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For version as git tag: use annotated tag, not 'v' prefix

davidb31 profile image David Bernard Updated on ・4 min read

Tagging commit with meaningful version number like major.minor.patch (see Semantic Versioning 2.0.0 | Semantic Versioning) is a common way to name a source tree.

Why using 'v' prefix is not useful ?

A common practice is to prefix tags for version with 'v' like v1.0.0, but I don't understand why?

It is not to easily identify tag that refer to version with the pattern v*. Because this pattern also grabs non version tag that started by the letter v. So need to used a more complex pattern like v*.*.* or to combine a tool that support regexp.

# accept v1.0.0 and 1.0.0
git tag -l '*.*.*'

# combine with grep to have a more selective pattern
git tag -l | grep -P '\d+\.\d+\.\d+'
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If you use tag only for version then "why using a prefix ?" and if not then version tag will be potentially mixed with tag starting with a letter (a...,b..., ..., v..., w...). Without the 'v' prefix, digit will be before or after in alphabetical order, for time based order no change.

An other issue comes if you use the tag to extract the current version of a source tree, you need to remove the prefix.

So without v prefix you can do something like (github-actions Filter pattern cheat sheet):

on:
  push:
    tags:
      #- 'v*.*.*'
      - '[0-9]+.[0-9]+.[0-9]+'
jobs:
  test:
    runs-on: ubuntu-latest
    steps:
      - uses: actions/checkout@v2
      - name: Set env
        run: echo "RELEASE_VERSION=${GITHUB_REF#refs/*/}" >> $GITHUB_ENV
      - name: Test
        run: |
          echo $RELEASE_VERSION
          echo ${{ env.RELEASE_VERSION }}
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Why annotated tag ?

Annotated tag are like "heavyweight" tag, meaning that like a commit they also include a message and an author. IMHO, they also are a prefect way to mark the importance of version number and to isolate them from lightweight tag.

# create an annotated tag
git tag -a "0.1.0" -m ":bookmark: 0.1.0"
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When using annotated tag only for version, it also means that you can use git describe to know the "semi-semantic version" of the current working tree (without need to apply filter).

❯ git describe -h
usage: git describe [<options>] [<commit-ish>...]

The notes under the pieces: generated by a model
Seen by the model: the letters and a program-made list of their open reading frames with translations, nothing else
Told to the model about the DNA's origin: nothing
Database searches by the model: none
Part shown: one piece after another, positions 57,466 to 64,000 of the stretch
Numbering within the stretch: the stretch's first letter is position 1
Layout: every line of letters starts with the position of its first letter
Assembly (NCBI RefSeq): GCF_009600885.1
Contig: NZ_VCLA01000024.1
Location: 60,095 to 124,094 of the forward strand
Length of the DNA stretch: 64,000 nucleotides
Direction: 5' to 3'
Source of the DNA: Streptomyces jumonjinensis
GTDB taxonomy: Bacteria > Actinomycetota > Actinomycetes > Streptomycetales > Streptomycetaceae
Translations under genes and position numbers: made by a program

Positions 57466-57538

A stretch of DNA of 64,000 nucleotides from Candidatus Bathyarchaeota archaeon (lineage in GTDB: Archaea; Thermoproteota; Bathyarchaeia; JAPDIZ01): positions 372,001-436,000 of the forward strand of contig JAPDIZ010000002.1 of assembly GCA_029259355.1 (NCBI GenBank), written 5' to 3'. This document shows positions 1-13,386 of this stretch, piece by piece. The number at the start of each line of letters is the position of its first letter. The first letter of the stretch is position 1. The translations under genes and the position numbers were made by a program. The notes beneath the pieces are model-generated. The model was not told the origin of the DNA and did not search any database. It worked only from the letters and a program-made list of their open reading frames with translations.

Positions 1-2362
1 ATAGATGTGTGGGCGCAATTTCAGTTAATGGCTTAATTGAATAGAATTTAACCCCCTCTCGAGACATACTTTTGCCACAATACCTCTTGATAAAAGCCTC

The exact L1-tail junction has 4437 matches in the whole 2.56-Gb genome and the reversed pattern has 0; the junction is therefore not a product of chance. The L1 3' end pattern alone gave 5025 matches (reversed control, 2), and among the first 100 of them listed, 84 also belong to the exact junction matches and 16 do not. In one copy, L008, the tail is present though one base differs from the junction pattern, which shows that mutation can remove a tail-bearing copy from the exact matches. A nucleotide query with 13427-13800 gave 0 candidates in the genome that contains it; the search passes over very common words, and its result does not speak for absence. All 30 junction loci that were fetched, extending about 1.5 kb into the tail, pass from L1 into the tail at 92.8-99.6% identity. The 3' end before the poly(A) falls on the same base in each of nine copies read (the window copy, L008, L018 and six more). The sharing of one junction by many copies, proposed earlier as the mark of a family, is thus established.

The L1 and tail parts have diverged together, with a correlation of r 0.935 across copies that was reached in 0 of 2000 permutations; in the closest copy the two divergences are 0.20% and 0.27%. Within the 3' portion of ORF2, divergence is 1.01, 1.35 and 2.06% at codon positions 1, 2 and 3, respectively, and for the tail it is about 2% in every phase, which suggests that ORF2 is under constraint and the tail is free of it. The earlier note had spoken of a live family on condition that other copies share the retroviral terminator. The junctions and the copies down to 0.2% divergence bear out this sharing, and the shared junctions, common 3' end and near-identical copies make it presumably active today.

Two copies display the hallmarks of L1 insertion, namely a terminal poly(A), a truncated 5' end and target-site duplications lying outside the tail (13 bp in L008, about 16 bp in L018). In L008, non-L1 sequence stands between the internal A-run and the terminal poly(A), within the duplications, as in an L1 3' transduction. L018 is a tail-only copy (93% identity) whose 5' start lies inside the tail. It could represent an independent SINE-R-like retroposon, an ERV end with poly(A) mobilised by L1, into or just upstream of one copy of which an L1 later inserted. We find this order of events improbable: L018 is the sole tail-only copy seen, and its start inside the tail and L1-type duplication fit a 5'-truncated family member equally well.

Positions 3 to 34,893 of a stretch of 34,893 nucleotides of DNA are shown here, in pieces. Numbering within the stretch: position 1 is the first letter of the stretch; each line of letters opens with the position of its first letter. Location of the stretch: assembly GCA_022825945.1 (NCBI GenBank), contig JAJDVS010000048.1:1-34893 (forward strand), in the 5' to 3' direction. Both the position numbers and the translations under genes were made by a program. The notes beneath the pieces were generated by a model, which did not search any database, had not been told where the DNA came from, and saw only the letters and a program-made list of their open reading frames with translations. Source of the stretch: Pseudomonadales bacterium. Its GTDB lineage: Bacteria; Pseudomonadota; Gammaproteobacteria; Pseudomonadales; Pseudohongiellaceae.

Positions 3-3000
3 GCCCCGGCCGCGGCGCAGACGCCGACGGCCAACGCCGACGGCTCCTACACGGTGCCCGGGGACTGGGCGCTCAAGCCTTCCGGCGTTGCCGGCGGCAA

or: git describe [<options>] --dirty

    --contains            find the tag that comes after the commit
    --debug               debug search strategy on stderr
    --all                 use any ref
    --tags                use any tag, even unannotated
    --long                always use long format
    --first-parent        only follow first parent
    --abbrev[=<n>]        use <n> digits to display object names
    --exact-match         only output exact matches
    --candidates <n>      consider <n> most recent tags (default: 10)
    --match <pattern>     only consider tags matching <pattern>
    --exclude <pattern>   do not consider tags matching <pattern>
    --always              show abbreviated commit object as fallback
    --dirty[=<mark>]      append <mark> on dirty working tree (default: "-dirty")
    --broken[=<mark>]     append <mark> on broken working tree (default: "-broken")

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My favorite arguments are:

git describe --always --dirty
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because :

  • if on the exact commit with the annotated tag, returns only the tag value (eg 0.1.0)
  • if after an annotated tag, returns <last_annotated_tag>-<number_of_commit>-g<last_commit_short_hash> (eg 0.1.0-2-ge453fae)
  • if no annotated tag, then output the short commit-hash (so never empty output, always a (non-semantic) version)
  • if uncommitted change in the working tree then append -dirty (ignore untracked and ignored files)
❯ git init
❯ touch README.md
❯ git add README.md
❯ git commit -m "add README"
[development (root-commit) 8edcbdc] add README
 1 file changed, 0 insertions(+), 0 deletions(-)
 create mode 100644 README.md
❯ git describe --always --dirty
8edcbdc

❯ git tag -a "0.1.0" -m ":bookmark: 0.1.0"
❯ git describe --always --dirty
0.1.0

❯ echo "toto" > README.md
❯ git describe --always --dirty
0.1.0-dirty

❯ git commit -a -m "modify README"
[development 6cfe247] modify README
 1 file changed, 1 insertion(+)
❯ git describe --always --dirty
0.1.0-1-g6cfe247

❯ echo "toto 33" > README.md
❯ git describe --always --dirty
0.1.0-1-g6cfe247-dirty
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So you have an unique version number for any state of your working tree, and more human friendly than only the commit hash.

If using a build tool that can compute version number (instead of declarative like in a toml or xml) you can use this command to always have the unique and current version. By example for Gradle's based build, you can define the version as :

# build.gradle

version = "git --no-pager describe --always --dirty".execute().text.trim()
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Tips

Create the first annotated tag as soon as possible, maybe after your initial commit you can tag the version 0.0.0 if you don't know when 0.1.0 will be created.

Annotated tags can be push with commits in a single command via

git push --follow-tags
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Last words

In fact their is no opposition, you can stop using v prefix without using annotated tag OR using the v prefix with annotated tag is possible, but the better combinason (IMHO) is to not use v prefix and annotated tag for version.

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